# Connection (principal bundle)

In differential geometry , the relationship is a concept that can be used to explain parallel transport between the fibers of a principal bundle . In physics, such relationships are used to describe fields in the Yang-Mills theories .

## definition

Be a principal bundle with the structure group . The group works through ${\ displaystyle \ pi \ colon P \ rightarrow M}$ ${\ displaystyle G}$ ${\ displaystyle R \ colon P \ times G \ rightarrow P}$ .

Also denote the Lie algebra of the Lie group . ${\ displaystyle {\ mathfrak {g}}}$ ${\ displaystyle G}$ A relationship is then a -value 1-form , which is -equivariant and whose restriction to the fibers corresponds to the Maurer-Cartan form . So the following two conditions should be met: ${\ displaystyle {\ mathfrak {g}}}$ ${\ displaystyle \ omega \ in \ Omega ^ {1} (P, {\ mathfrak {g}})}$ ${\ displaystyle G}$ ${\ displaystyle D (R_ {g}) \ omega = \ operatorname {Ad} (g ^ {- 1}) (\ omega)}$ for all ${\ displaystyle g \ in G}$ and

${\ displaystyle \ omega (X ^ {\ sharp}) = X}$ for everyone .${\ displaystyle X \ in {\ mathfrak {g}}}$ Here is defined by . denotes the differential of . is the adjoint effect and is the so-called fundamental vector field . It will go through ${\ displaystyle R_ {g} \ colon P \ to P}$ ${\ displaystyle R_ {g} (p) = R (p, g)}$ ${\ displaystyle D (R_ {g})}$ ${\ displaystyle R_ {g}}$ ${\ displaystyle \ operatorname {Ad} \ colon G \ to GL ({\ mathfrak {g}})}$ ${\ displaystyle X ^ {\ sharp}}$ ${\ displaystyle X ^ {\ sharp} (p): = \ left. {\ frac {\ mathrm {d}} {\ mathrm {d} t}} \ right | _ {t = 0} R _ {\ exp ( tX)} (p)}$ For ${\ displaystyle p \ in P}$ on defined. ${\ displaystyle P}$ ## curvature

The curvature of a connected form is defined by

${\ displaystyle \ Omega = d \ omega + {\ tfrac {1} {2}} [\ omega \ wedge \ omega].}$ Here the commutator is Lie algebra valued differential forms by

${\ displaystyle [\ omega \ wedge \ eta] (v_ {1}, v_ {2}) = [\ omega (v_ {1}), \ eta (v_ {2})] - [\ omega (v_ {2 }), \ eta (v_ {1})]}$ and the outer derivative through ${\ displaystyle d \ omega}$ ${\ displaystyle d \ omega (X, Y) = X (\ omega (Y)) - Y (\ omega (X)) - \ omega ([X, Y])}$ Are defined.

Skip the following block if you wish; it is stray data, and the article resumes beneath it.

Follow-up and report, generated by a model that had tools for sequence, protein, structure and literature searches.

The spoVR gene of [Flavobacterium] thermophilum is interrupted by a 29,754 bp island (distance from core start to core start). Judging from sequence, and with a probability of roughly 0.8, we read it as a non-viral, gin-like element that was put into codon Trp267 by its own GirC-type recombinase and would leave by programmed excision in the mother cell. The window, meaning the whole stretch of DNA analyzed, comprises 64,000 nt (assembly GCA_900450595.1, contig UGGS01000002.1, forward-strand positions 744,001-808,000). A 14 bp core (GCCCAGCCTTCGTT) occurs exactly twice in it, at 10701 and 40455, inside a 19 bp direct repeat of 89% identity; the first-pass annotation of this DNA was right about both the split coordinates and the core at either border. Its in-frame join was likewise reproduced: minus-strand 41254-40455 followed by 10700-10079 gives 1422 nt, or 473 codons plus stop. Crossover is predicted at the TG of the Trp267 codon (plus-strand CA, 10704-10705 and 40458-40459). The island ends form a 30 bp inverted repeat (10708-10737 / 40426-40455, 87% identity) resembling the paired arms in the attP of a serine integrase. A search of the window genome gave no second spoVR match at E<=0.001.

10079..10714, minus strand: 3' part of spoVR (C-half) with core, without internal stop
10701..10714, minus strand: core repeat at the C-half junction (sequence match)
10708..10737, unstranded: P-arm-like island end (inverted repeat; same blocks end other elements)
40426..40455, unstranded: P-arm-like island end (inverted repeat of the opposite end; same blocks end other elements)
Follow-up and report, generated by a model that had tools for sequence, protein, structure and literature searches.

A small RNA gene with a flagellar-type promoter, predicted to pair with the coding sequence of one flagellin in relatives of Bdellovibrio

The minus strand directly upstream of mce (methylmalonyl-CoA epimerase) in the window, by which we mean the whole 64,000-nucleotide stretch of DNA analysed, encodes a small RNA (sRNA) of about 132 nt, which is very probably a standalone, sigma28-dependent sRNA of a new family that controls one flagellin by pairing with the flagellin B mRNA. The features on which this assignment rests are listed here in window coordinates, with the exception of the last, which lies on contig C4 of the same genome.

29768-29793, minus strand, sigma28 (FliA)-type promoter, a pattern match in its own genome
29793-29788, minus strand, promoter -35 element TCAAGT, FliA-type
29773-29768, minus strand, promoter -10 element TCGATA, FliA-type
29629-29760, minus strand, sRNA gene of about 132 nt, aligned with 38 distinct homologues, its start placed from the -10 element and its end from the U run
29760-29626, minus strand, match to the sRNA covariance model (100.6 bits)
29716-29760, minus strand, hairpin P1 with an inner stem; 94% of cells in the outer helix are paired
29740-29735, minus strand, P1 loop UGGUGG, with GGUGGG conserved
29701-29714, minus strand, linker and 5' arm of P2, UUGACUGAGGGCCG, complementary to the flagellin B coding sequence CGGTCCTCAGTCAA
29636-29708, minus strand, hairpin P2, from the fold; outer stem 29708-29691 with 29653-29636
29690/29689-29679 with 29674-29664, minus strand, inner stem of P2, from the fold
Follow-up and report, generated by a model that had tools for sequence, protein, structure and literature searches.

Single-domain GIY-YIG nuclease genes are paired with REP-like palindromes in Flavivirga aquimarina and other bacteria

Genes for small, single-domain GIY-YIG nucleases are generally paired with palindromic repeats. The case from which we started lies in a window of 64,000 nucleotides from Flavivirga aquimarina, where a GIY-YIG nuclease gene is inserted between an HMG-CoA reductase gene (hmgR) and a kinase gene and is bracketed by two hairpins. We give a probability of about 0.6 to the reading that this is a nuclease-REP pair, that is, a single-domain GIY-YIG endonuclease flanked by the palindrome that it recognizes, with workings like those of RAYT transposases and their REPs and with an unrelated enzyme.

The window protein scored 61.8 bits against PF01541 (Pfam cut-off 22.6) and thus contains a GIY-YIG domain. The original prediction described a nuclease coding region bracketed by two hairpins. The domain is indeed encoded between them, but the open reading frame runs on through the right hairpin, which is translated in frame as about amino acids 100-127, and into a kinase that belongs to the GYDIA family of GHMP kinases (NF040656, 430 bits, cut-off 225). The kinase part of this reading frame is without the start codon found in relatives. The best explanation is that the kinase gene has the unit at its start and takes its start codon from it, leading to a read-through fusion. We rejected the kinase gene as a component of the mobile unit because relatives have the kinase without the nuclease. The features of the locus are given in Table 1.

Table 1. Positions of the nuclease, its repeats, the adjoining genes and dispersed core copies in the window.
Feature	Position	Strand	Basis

The curve form is -invariant and therefore defines a 2-form on . ${\ displaystyle G}$ ${\ displaystyle \ Omega \ in \ Omega ^ {2} (M, {\ mathfrak {g}})}$ ${\ displaystyle M}$ ### Bianchi identity

Relationship and curvature form satisfy the equation

${\ displaystyle d \ Omega = \ left [\ Omega, \ omega \ right]}$ .

## Horizontal subspaces

For a form of connection on a principal bundle , the horizontal subspaces are defined by ${\ displaystyle \ omega \ in \ Omega ^ {1} (P, {\ mathfrak {g}})}$ ${\ displaystyle G}$ ${\ displaystyle \ pi: P \ rightarrow M}$ ${\ displaystyle H_ {p}, p \ in P}$ ${\ displaystyle H_ {p}: = ker (\ omega: T_ {p} P \ rightarrow {\ mathfrak {g}})}$ .

The horizontal subspaces are transverse to the tangent spaces of the fibers of , and they are -invariant, i.e. H. for everyone . ${\ displaystyle \ pi}$ ${\ displaystyle G}$ ${\ displaystyle H_ {gp} = DR_ {g} (H_ {p})}$ ${\ displaystyle g \ in G, p \ in P}$ From the horizontal subspaces can form the connection recover (for identification of the tangent of the fiber ) by projection of along the tangent of the fiber. ${\ displaystyle {\ mathfrak {g}}}$ ${\ displaystyle T_ {p} P}$ ${\ displaystyle H_ {p}}$ ## Parallel transport

For every path and every there is a path with and . (This follows from the existence and uniqueness theorem for ordinary differential equations .) ${\ displaystyle \ gamma: \ left [0.1 \ right] \ rightarrow M}$ ${\ displaystyle x \ in \ pi ^ {- 1} (\ gamma (0))}$ ${\ displaystyle {\ tilde {\ gamma}}: \ left [0,1 \ right] \ rightarrow P}$ ${\ displaystyle {\ tilde {\ gamma}} _ {x} (0) = x}$ ${\ displaystyle \ pi ({\ tilde {\ gamma}} _ {x}) = \ gamma}$ In particular, you have one through each way${\ displaystyle \ gamma: \ left [0.1 \ right] \ rightarrow M}$ ${\ displaystyle P _ {\ gamma} (x) = {\ tilde {\ gamma}} _ {x} (1)}$ defined figure

${\ displaystyle P _ {\ gamma}: \ pi ^ {- 1} (\ gamma (0)) \ rightarrow \ pi ^ {- 1} (\ gamma (1))}$ ,

the so-called parallel transport along the way . ${\ displaystyle \ gamma}$ At one point , the holonomy group is defined as a subset of the diffeomorphisms of the fiber as follows. To a closed path with and one there is a clear elevation with and we define . The group that is for everyone is the holonomy group. ${\ displaystyle b \ in B}$ ${\ displaystyle F_ {b}: = \ pi ^ {- 1} (b)}$ ${\ displaystyle \ gamma: \ left [0,1 \ right] \ rightarrow B}$ ${\ displaystyle \ gamma (0) = \ gamma (1) = b}$ ${\ displaystyle x \ in F_ {b}}$ ${\ displaystyle {\ tilde {\ gamma}}}$ ${\ displaystyle {\ tilde {\ gamma}} (0) = x}$ ${\ displaystyle f _ {\ gamma} (x): = {\ tilde {\ gamma}} (1)}$ ${\ displaystyle f _ {\ gamma}}$ ${\ displaystyle \ gamma}$ ## Riemannian connection

For a Riemannian manifold , the frame bundle is a principal bundle with the linear group . ${\ displaystyle M}$ ${\ displaystyle GL (n, \ mathbb {R})}$ Let be the matrix that by using a local base ${\ displaystyle A}$ ${\ displaystyle A (v) = \ nabla _ {X} v}$ is defined, where the Levi-Civita context is, so is by ${\ displaystyle \ nabla}$ ${\ displaystyle \ theta (X): = A}$ defines the Riemannian form of connection. It applies

${\ displaystyle \ theta \ in \ Omega ^ {1} (M, {\ mathfrak {g}} l (n, \ mathbb {R}))}$ .